Sunday, 26 April 2009

Pokot Tribe - Kenya

WARNING! Please refrain from stealing these pictures and putting them on your blogs!







Its hard to film and take pictures at the same time. There are so many moments during filming where you think "Damn, that would have been a great picture!". For many years I used to carry a Nikon 601 around my neck while I was filming and then after a while I stopped as it just got on my nerves and impeded on my work.







We filmed a promo film with Luke Gamble, following him around Kenya and one of the places we went to was the remote region bordering Sudan inhabited by the Plains Pokot Tribe.
The lush green valleys of the Rift Valley quickly gave way to a hot and arid landscape full of scraggly bushes and ant hills.







We planned to sleep in the village for one night but the local tribe we had visited were going through a period of violent unrest with another nearby tribe; they would each steal each others goats and little cattle they had and happily shoot each other for the fun of it.







It was very difficult to take pictures of them as they all wanted to be paid for the privilege, so it took a lot of persevering and snapping away while they weren't looking. Bit naughty, but I didn't want to pay.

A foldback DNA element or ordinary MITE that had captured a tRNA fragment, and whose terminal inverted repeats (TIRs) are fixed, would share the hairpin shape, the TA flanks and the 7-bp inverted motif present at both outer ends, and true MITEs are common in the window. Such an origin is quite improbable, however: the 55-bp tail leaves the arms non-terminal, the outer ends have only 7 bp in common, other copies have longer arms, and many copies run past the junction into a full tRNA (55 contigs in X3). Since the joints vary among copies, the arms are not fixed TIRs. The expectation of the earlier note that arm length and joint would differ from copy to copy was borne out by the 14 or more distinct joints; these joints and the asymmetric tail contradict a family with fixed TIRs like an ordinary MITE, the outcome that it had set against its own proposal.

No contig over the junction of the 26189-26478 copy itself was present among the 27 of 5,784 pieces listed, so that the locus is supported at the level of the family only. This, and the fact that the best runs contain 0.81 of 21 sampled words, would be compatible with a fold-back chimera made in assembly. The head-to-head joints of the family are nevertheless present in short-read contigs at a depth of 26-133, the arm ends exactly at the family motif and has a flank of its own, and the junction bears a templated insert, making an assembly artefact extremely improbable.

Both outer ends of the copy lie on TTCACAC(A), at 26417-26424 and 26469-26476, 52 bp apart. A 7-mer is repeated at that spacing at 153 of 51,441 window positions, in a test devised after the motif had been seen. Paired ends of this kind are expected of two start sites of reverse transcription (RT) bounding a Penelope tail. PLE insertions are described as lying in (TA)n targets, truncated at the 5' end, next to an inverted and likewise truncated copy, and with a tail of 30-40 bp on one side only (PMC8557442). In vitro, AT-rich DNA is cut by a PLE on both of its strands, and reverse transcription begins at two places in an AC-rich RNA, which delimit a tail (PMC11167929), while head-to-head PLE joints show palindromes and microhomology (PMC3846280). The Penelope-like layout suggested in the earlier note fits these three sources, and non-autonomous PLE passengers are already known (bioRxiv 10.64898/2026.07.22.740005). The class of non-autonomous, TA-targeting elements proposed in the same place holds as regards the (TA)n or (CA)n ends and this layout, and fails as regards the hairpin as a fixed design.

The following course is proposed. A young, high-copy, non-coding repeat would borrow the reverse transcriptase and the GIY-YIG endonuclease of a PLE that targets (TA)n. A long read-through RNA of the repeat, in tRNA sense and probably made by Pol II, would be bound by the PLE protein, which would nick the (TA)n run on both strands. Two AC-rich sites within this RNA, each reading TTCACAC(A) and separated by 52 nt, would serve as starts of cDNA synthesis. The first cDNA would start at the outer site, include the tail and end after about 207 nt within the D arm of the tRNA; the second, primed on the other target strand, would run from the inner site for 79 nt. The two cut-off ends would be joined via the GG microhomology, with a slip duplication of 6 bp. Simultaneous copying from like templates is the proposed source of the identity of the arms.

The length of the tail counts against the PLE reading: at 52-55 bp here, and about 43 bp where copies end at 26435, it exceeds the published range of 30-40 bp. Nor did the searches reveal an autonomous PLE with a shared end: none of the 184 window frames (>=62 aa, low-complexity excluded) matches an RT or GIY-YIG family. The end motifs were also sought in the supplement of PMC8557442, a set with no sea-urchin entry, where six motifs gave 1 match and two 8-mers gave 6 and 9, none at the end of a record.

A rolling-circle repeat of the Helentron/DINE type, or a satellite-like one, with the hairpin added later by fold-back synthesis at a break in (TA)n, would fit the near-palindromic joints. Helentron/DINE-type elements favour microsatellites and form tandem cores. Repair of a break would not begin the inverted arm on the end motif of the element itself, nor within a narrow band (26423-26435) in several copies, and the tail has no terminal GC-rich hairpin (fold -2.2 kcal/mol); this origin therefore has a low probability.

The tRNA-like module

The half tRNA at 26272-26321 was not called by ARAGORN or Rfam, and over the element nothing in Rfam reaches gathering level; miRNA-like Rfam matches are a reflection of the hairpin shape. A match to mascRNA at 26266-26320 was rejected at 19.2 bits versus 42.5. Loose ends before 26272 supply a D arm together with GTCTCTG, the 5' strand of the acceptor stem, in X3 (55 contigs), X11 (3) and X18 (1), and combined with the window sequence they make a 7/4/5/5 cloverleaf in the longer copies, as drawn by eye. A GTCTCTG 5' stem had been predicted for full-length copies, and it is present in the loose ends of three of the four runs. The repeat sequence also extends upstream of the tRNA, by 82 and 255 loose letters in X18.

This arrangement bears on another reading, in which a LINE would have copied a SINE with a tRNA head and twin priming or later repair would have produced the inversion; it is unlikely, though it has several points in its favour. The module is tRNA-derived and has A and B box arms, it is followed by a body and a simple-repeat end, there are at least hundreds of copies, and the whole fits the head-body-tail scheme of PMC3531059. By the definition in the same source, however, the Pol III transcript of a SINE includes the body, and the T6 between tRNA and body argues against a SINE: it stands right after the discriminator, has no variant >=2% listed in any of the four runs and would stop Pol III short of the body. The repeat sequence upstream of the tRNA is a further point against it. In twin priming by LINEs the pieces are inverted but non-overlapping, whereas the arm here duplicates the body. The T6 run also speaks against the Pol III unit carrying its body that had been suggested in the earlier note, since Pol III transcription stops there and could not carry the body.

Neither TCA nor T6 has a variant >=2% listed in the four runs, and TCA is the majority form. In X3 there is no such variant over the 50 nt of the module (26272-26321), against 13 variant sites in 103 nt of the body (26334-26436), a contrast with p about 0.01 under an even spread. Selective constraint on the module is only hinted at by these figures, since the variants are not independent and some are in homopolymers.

Before filming could begin, we had to attend the village meeting which took about two hours. All the men from the village sat in a circle while the leaders were introduced to us. We would then show our gratitude and thanks for their hospitality and they in turn welcomed us amongst them. Really endearing, but a bit tiring, especially when you have lots of filming to do and an 10 hour drive back to Nairoibi!











It always surprises me how humans are able to survive in the most extreme conditions. How do they live in places with no water, where nothing grows and where all there is to eat are goats.







I'm sure they all smoked a lot of pot, chewed khat or something similar.















A local school hut.







Women relax in the shade while all the men gather for a meeting.











He sold me his hat for $20!










WARNING! Please refrain from stealing these pictures and putting them on your blogs!

1 comment:

CES Canada said...

Absolutely stunning photos, each Kenyan with dignity and character...I would pay for these pics!